Fear of missile defense traces back to World War II for Russia

Austin Long has a thorough account of the Soviet and Russian fear of Western missile defense capabilities in War on the Rocks under the title “Red Glare: The Origin and Implications of Russia’s ‘New’ Nuclear Weapons”.

He explains Putin’s revelation of new nuclear weapons in his March 1st speech as grounded in an old Russian concern with Western missile defense technology. The experience of being unable to respond to the German air campaign during World War II caused Stalin to focus intensely on the ability to retaliate in case of a nuclear attack. Already at that time there was talk about the dangers of an American missile defense which would leave Russia vulnerable to a first strike.

So when the Russian leadership is determined not to let an American missile defense threaten the retaliatory power of Russia, it is in line with a long history of military thinking.

So what does this mean for the nuclear relationship? First, U.S. leaders should recognize that no amount of explaining of the technical limitations of present or even potential U.S. missile defense capability is likely to change long and deeply held Russian views about missile defense competition.

Second, and more importantly, there is probably no future for formal, treaty-based U.S.-Russian arms control if the negotiations do not cover missile defense. The Russians sought unsuccessfully to include missile defense in the last round of strategic arms control negotiations (2009-2010). Today, with their “new” systems, they have a stronger bargaining position.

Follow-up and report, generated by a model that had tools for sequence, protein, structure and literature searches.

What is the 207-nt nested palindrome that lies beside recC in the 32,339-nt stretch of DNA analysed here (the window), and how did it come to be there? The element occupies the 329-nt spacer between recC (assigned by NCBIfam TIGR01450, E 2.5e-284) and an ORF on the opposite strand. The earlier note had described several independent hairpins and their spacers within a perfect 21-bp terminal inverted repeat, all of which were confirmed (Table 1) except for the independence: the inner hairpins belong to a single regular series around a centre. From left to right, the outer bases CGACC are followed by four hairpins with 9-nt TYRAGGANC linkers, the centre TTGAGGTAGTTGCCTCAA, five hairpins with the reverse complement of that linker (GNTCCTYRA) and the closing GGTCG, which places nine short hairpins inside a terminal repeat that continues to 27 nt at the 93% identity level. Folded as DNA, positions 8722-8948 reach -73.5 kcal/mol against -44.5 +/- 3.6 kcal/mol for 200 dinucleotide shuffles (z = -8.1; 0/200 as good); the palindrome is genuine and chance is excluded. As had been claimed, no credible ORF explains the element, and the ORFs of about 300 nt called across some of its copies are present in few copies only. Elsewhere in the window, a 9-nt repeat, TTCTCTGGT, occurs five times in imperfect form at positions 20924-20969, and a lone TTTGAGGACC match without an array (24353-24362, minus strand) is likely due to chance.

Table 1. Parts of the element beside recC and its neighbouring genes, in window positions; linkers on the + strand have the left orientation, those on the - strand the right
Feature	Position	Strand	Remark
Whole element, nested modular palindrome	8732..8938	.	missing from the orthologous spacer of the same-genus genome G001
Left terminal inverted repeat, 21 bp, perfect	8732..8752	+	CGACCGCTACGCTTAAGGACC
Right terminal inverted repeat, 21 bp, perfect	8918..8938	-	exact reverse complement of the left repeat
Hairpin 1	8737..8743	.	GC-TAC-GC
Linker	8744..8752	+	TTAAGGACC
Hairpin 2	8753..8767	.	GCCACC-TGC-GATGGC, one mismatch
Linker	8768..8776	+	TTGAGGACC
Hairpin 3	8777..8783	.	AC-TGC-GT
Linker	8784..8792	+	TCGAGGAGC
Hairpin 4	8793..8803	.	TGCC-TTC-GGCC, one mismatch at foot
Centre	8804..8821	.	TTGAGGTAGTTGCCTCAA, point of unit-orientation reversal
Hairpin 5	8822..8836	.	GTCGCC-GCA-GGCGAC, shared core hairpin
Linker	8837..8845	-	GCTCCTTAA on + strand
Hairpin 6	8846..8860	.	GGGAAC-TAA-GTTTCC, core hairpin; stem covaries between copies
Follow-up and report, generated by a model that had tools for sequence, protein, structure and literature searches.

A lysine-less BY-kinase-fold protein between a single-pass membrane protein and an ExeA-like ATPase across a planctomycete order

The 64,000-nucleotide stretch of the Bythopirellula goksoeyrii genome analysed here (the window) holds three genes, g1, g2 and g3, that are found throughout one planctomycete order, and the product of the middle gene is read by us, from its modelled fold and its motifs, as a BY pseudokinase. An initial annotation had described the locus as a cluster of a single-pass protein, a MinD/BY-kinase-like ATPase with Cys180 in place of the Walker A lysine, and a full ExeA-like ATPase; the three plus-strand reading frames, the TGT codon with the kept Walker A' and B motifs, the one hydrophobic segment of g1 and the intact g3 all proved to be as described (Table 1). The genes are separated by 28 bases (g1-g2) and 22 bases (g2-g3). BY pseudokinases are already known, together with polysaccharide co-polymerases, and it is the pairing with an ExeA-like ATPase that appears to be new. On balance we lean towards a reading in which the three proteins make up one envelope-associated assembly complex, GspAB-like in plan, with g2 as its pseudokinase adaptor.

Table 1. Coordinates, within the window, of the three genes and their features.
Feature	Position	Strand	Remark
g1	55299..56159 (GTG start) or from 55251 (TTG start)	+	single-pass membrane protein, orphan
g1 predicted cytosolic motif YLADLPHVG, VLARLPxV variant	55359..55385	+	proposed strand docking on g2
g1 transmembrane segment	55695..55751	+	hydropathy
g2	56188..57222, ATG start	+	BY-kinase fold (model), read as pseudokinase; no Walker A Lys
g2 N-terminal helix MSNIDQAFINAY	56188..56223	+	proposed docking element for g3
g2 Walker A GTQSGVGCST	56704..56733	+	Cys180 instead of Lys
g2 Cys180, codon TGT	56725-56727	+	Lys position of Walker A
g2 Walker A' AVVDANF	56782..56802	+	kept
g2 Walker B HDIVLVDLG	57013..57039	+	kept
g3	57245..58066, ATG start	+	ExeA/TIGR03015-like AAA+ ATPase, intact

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  1. UUFH Avatar

    Imagine throwing a rock through a tree blowing in the wind. What is the probability of the rock flying through without touching the tree? There is a claim by the manufacturers that the trajectory of a detected missile is known but fighter jets are harder because they can respond with course corrections. I take issue with the first claim here. Predicting the course of a missile with a large time variance between detection and “interception is fraught. Why? Angle measurements. The greater the distance, the greater the error. A lot can happen in the seconds between detection and interception. The missile might have travelled 5KM and a cloud of shrapnel with an effective working radius of a few metres (the “tree) is supposed to have a strike rate of 99/100 according to some claims. Even the final location of the intercepting missile could easily be metres out. The chaotic nature of air currents and the sensitivity upon initial conditions means that Patriot missiles have only been effective as propaganda. Also, unless an ICBM is blown into small pieces, you still have a serious amount of debris momentum with a great deal of momentum. ICBMs don”t even need a warhead to do serious damage. That”s what the formula for energy 1/2mv2 tells us. You might as well be throwing a bag of popcorn in the way of an oncoming car to match the effectiveness of a Patriot missile. custom essay writing

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